Source : https://dofollownet.com
During the last G20 summit held in London in April 2009, participant countries agreed, among other measures, to strengthen international cooperation in order to get rid of tax havens (aka "fiscal paradises").
According to the U.S. Government Accountability Office, a tax haven could be defined by the following statements:
- no taxes or only nominal taxes
- lack of effective exchange of tax information with foreign tax authorities
- lack of transparency in the operation of legislative, legal or administrative provisions
- no requirement for a substantive local presence
- self-promotion as an offshore financial center
Most famous tax havens include countries like Switzerland, Liechtenstein, Monaco, the Bahamas, Belize, the Bermuda islands, Cyprus, but the U.S.A. should also make some clean up in their backyards: several states like Delaware, Nevada or Wyoming match most of the criteria that define a tax haven, and actually provide the perfect environment for criminal organisations specialized in money laundering.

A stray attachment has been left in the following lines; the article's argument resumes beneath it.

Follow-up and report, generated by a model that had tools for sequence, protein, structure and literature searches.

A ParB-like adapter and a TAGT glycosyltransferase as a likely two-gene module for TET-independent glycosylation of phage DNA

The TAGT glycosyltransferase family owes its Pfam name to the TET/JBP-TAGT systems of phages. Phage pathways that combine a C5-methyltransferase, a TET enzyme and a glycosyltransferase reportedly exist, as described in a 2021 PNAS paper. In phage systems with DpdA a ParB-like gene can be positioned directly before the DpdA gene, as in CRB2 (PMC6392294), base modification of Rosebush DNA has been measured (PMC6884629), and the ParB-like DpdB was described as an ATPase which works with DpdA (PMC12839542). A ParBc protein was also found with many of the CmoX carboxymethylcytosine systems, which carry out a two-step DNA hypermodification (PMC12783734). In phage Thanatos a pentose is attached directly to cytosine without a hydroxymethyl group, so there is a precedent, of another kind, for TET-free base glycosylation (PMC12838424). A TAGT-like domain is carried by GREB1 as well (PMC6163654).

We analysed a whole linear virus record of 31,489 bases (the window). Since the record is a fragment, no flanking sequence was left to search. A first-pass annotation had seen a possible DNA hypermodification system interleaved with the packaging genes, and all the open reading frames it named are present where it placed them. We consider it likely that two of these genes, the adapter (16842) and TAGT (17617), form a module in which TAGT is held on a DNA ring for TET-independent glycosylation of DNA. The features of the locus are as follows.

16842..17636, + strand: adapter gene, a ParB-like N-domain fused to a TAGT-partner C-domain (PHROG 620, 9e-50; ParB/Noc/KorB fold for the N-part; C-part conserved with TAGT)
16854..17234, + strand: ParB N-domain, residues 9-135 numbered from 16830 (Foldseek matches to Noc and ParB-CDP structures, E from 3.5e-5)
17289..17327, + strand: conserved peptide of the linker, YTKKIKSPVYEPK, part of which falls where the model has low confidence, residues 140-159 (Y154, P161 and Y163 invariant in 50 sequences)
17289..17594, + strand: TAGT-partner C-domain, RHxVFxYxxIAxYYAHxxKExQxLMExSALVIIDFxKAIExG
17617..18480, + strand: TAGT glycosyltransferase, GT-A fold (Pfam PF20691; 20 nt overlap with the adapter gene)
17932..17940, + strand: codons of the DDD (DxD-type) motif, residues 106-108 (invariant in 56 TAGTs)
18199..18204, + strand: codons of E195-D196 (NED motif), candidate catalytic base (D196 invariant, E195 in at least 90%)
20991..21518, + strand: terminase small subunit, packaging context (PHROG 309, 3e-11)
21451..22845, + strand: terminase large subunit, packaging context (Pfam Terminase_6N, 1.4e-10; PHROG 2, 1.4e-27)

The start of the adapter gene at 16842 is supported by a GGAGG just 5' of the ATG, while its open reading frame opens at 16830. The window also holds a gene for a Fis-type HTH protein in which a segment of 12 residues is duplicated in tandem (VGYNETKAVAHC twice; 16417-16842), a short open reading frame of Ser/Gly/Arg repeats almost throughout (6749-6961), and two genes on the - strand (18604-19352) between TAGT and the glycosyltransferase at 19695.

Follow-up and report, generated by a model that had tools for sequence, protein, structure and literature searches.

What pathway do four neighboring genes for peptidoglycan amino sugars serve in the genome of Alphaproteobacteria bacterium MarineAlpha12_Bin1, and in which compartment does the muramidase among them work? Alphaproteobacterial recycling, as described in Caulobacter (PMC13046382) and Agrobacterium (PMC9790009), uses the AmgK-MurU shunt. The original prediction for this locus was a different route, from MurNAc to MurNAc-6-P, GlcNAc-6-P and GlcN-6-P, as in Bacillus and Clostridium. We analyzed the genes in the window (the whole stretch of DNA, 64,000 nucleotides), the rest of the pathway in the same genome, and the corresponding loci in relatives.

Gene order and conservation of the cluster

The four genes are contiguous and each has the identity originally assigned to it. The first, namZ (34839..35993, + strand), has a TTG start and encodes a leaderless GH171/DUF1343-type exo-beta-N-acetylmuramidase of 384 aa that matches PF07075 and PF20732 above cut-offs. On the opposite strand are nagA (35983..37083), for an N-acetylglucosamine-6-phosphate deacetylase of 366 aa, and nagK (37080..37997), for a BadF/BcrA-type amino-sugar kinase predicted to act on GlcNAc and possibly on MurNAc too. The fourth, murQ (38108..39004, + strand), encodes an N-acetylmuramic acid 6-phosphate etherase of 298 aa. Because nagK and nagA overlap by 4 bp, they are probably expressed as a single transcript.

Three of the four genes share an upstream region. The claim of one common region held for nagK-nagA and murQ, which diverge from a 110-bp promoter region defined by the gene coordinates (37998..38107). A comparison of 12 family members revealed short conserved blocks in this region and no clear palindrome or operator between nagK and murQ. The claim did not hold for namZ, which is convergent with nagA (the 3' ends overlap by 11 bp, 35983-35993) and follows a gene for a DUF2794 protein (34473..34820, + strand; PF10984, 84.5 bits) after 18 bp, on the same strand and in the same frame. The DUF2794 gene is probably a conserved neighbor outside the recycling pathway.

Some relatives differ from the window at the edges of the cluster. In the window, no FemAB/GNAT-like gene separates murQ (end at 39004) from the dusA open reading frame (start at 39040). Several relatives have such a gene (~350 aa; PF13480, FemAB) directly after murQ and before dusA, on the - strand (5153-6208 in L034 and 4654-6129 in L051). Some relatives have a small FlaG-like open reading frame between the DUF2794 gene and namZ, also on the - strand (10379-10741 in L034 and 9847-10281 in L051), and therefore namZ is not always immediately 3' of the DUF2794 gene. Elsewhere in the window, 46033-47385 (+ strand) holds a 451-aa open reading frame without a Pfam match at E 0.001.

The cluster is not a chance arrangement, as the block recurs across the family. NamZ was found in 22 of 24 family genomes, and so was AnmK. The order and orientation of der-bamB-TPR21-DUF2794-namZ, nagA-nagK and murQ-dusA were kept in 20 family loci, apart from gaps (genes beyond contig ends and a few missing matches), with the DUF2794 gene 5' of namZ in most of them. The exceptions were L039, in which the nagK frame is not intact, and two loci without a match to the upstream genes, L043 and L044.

In Nevada, you need less documents to open a corporate bank account or to create a company than to get a driver license.
In March 2009, Michigan senator Carl Levin proposed a law to force states to identify real beneficial owners of corporations.
"Too many of our states are eager to explain how quick and easy it is to set up corporations within their borders, without acknowledging that those same quick and easy procedures enable wrongdoers to utilize U.S. corporations in a variety of crimes and tax dodges." says Levin.
He already proposed similar bills in 2006 and 2008, but the proposals went nowhere. But in 2006, Levin had a co-sponsor called Barack Obama (then a U.S. senator). That could make a difference today.Read »